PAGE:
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2013: Sports channels begin to challenge the traditional rules

By Peter Hutton

Peter-Hutton-ESPN-STAR-Sports-MDWelcome to the Year of the Star cricket series featuring the Star Indian cricket team on Star Sports. Quite a last 12 months for Uday Shankar and Nitin Kukreja’s team at Star—they’ve built on their inherited sports business with dynamism and an intent to be local and relevant. In the last year, a huge spend on the next three years of the English Premier League football and a leap into the darkness of the hockey franchise world has shown a continued determination to challenge the rules of the Indian sports traditions.

Those rules certainly needed re-writing with all the sports channels dragged into losses by the relentless inflation of cricket rights. Now we wait to see if Star can rewrite the rules on collections of revenues with sports as the battering ram of their whole entertainment business. What can’t be disputed is the way that they’ve used the entertainment channels to help cross-promote and build the bigger event to a wider audience. Sachin’s last Test was a human interest story that transcended sport, and I’m sure the support of the Star network helped maximise the value of that emotional goodbye.

Star also deserves credit for their investment in digital content that makes multiple games or multiple views of a sports event available. All over the world, viewers are moving away from experiencing only linear television content and Star has claimed the Indian sports digital territory with an excellent offering that is bound to grow in popularity.

Away from Star, Sony made the shrewd move of bringing in Prasanna Krishnan from Neo to shore up their sports content, and the appointment has paid off with a sensible improvement in live sport for Sony Six, as it seeks to turn its IPL dominance into a year-round position. An interesting challenge for the channel, but with bidding for the cricket World Cup and the rest of the ICC rights about to start again, Sony is able to present itself as a credible alternative to the Star incumbent.Sony’s purchase of the Australian Open rights is an excellent way of extending their year round portfolio, with two weeks of content that also receives good advertising support.

Meanwhile at Ten, new man Rajesh Sethi has already achieved the difficult task of pulling the business back to India from the old Dubai headquarters as he looks to re-energise the traditional home of the WWE. With long-term agreements with Sri Lanka, the West Indies and South Africa in place, Ten’s cricket foundation is strong. Their next target has to be the renewal of the Pakistan Cricket Board rights, which, subject to Pakistani politics, should be a decision just round the corner. Predicting Pakistan is never easy, but Ten has held the rights since the launch of the channel in 2002 and the relationships are deep rooted. The return of the experienced Manoj Padmanabhan also adds solidity to their new India-based team.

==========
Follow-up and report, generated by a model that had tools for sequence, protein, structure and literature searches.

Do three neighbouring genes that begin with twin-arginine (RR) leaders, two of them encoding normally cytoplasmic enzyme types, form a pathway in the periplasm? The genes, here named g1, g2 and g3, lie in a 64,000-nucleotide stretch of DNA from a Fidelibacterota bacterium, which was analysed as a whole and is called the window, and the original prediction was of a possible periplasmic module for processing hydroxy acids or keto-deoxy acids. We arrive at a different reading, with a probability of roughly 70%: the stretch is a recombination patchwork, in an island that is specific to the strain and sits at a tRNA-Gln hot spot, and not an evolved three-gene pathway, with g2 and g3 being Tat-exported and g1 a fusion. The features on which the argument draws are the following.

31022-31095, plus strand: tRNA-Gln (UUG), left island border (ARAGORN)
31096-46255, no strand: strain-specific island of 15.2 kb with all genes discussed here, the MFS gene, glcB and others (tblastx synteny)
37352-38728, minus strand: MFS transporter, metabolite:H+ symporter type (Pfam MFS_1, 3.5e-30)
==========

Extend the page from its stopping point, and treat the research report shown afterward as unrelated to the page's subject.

Over at Neo, they are uniquely and proudly able to claim profitability for the sports business. You can count on Harish Thawani to find a new way to make the business work, and as he waits to see the value of his purchase of India’s tour of New Zealand, you can guarantee that he is up to something to keep his competitors on their toes!

On the event side, we’ve seen a very successful launch of the Indian badminton league, some great crowds for Indian franchise hockey and yet we still wait for the footballing equivalent. The football league is now being pushed along by the Star juggernaut, and it will be fascinating to see how the project finally fares on the pitch after what seems like years of relentless press releases. Meanwhile, Yannick Colaco’s appointment at the NBA is the latest worldwide vote of confidence in the talent of the Indian sports industry and the latest embodiment of the large sports franchises looking to make a footprint on India’s shores.

The other international television rights coming up for grabs this year in India will include a new deal for Wimbledon, the first since the break-up of the old ESPN-Star business, the two sports channels that had shown the event ever since the launch of pay TV in the country. Wimbledon is an institution that has always valued high-end production and long-term relationships, so it’ll be a definite challenge to remove Star’s grip on India’s most-watched tennis event. By contrast, with world hockey, there’s bound to be strong competition in the only TV market worldwide that pays significantly for the sport’s biggest events.

Away from cricket, the biggest deal of the New Year (if not already done) is the sale of the FIFA rights for the Brazil football World Cup in the summer of 2014. Star’s broadcast of India’s away series in England in the same weeks would appear to rule them out of the bidding, though they are never easily ignored when it comes to major rights.

Good luck to everyone for their New Year. My visits to India are rather infrequent now, but I watch with interest on the world’s most fascinating sports market.

(Peter Hutton is Joint CEO of sports media rights company MP & Silva)

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